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Coaching books are full of suggested activities to improve skill, fitness, team tactics, and more. When a coach is planning a training session, training choices need to fit in with the yearly, monthly, weekly, and daily training plan especially as the activity relates to training intensity. Unfortunately, most descriptions of training activities fail to offer any statements on the quantified intensity forcing the coach to make a purely subjective decision about any task’s intensity; something coaches probably are poorly equipped to do.
Arcos and colleagues report on the intra (intraclass coefficient correlation, ICC) and inter-subject variability (coefficient of variation, CV) in male youth player performing soccer ball drills with or without opposition. The actions were a collective ball dribbling exercise and a 7-a-side ball game without vocal encouragement by the coach. Exercise intensity was determined with heart rate (HR), training load and perceived exertion scales (PE). Fourteen U-14 male players (14.8 years old with 6.5 years experience) from a Spanish First Division academy were studied.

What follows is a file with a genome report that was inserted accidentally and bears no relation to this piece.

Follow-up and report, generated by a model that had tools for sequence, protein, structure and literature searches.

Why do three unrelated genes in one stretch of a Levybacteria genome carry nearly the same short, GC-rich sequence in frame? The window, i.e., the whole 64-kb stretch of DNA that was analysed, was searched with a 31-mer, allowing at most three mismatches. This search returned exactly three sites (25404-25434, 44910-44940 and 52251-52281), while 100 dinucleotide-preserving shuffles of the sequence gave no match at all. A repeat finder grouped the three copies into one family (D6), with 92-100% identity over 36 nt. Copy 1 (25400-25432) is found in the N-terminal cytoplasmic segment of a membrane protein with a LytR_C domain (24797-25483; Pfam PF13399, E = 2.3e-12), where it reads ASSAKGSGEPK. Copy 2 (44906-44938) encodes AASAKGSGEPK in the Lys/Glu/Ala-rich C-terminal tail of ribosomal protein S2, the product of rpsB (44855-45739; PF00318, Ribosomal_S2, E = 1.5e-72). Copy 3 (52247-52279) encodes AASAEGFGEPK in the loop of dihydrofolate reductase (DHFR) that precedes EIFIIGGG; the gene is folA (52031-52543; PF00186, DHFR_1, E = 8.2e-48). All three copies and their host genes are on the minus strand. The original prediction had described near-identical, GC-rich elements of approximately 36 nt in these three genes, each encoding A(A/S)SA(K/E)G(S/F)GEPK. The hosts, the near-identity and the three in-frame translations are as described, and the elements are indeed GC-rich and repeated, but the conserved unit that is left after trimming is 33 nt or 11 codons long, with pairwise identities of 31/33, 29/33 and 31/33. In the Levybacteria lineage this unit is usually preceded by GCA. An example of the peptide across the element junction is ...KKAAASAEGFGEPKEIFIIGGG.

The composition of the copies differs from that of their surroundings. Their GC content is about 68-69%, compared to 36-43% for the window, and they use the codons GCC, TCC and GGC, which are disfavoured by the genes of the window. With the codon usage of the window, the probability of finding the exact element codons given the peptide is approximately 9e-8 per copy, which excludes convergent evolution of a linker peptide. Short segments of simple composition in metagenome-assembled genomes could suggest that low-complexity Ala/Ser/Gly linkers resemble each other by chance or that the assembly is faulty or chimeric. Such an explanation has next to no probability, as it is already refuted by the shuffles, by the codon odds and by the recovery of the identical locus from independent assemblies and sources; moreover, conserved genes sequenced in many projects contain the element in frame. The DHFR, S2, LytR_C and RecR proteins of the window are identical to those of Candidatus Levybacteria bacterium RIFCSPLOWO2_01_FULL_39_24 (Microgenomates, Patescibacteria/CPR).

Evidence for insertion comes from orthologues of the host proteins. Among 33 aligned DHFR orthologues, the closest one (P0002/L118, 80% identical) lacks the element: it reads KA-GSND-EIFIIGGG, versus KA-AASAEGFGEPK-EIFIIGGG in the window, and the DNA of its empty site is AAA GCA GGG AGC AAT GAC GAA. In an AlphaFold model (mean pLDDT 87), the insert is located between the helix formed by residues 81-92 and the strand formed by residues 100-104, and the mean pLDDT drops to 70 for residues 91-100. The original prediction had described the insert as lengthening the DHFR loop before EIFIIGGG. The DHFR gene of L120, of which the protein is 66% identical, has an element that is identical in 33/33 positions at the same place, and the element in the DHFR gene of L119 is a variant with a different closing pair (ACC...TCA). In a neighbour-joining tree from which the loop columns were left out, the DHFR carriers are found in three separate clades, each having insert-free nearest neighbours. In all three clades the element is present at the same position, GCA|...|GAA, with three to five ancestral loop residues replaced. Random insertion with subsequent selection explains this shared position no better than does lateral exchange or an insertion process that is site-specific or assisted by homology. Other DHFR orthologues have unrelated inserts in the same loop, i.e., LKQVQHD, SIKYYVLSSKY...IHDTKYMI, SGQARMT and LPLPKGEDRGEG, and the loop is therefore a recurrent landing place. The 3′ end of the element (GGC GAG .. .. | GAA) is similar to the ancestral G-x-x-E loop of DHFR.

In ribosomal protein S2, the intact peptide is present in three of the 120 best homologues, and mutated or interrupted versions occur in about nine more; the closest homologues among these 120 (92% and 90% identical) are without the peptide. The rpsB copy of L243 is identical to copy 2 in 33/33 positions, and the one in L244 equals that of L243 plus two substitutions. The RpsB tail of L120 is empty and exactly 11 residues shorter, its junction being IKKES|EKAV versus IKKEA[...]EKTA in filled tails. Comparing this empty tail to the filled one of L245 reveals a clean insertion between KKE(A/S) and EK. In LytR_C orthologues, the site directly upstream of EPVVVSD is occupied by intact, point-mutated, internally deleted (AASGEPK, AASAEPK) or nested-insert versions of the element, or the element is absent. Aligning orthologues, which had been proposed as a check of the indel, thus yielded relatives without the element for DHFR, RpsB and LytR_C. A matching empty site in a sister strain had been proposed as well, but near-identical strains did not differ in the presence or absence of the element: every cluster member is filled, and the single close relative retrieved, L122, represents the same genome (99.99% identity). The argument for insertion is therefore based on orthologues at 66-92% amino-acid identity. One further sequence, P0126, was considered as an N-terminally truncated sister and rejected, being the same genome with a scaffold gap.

Variability in dribbling was examined over 5 consecutive training sessions on similar field conditions. Not surprisingly, the data showed that 7-a-side game was significantly (p<0.001) more demanding than dribbling. Training load, HRmax, HRmean, overall perceived exertion (OPE) and local (leg) perceived exertion were 141%, 9%, 11%, 56% and 72 %, higher in 7-a-side than in during dribbling, respectively. There was good inter (CV<10%) and low intra-subject (ICC<0.7) variability for the 7-a-side condition. When dribbling, CVs were below 10% only for HR variables and the ICC value was higher than 0.7 only for the local perceived exertion.
Despite the moderate reproducibility of dribbling against no opposition, this condition did not appear to result in homogeneous physiological responses in young soccer players. The use of unopposed drills may be a reasonable alternative for generic, moderate intensity aerobic training. Despite the frequent duels in the 7-a-side condition, inter-player variability was lower suggesting opposed activities can be used for conditioning when specific, match-related training is to be prescribed.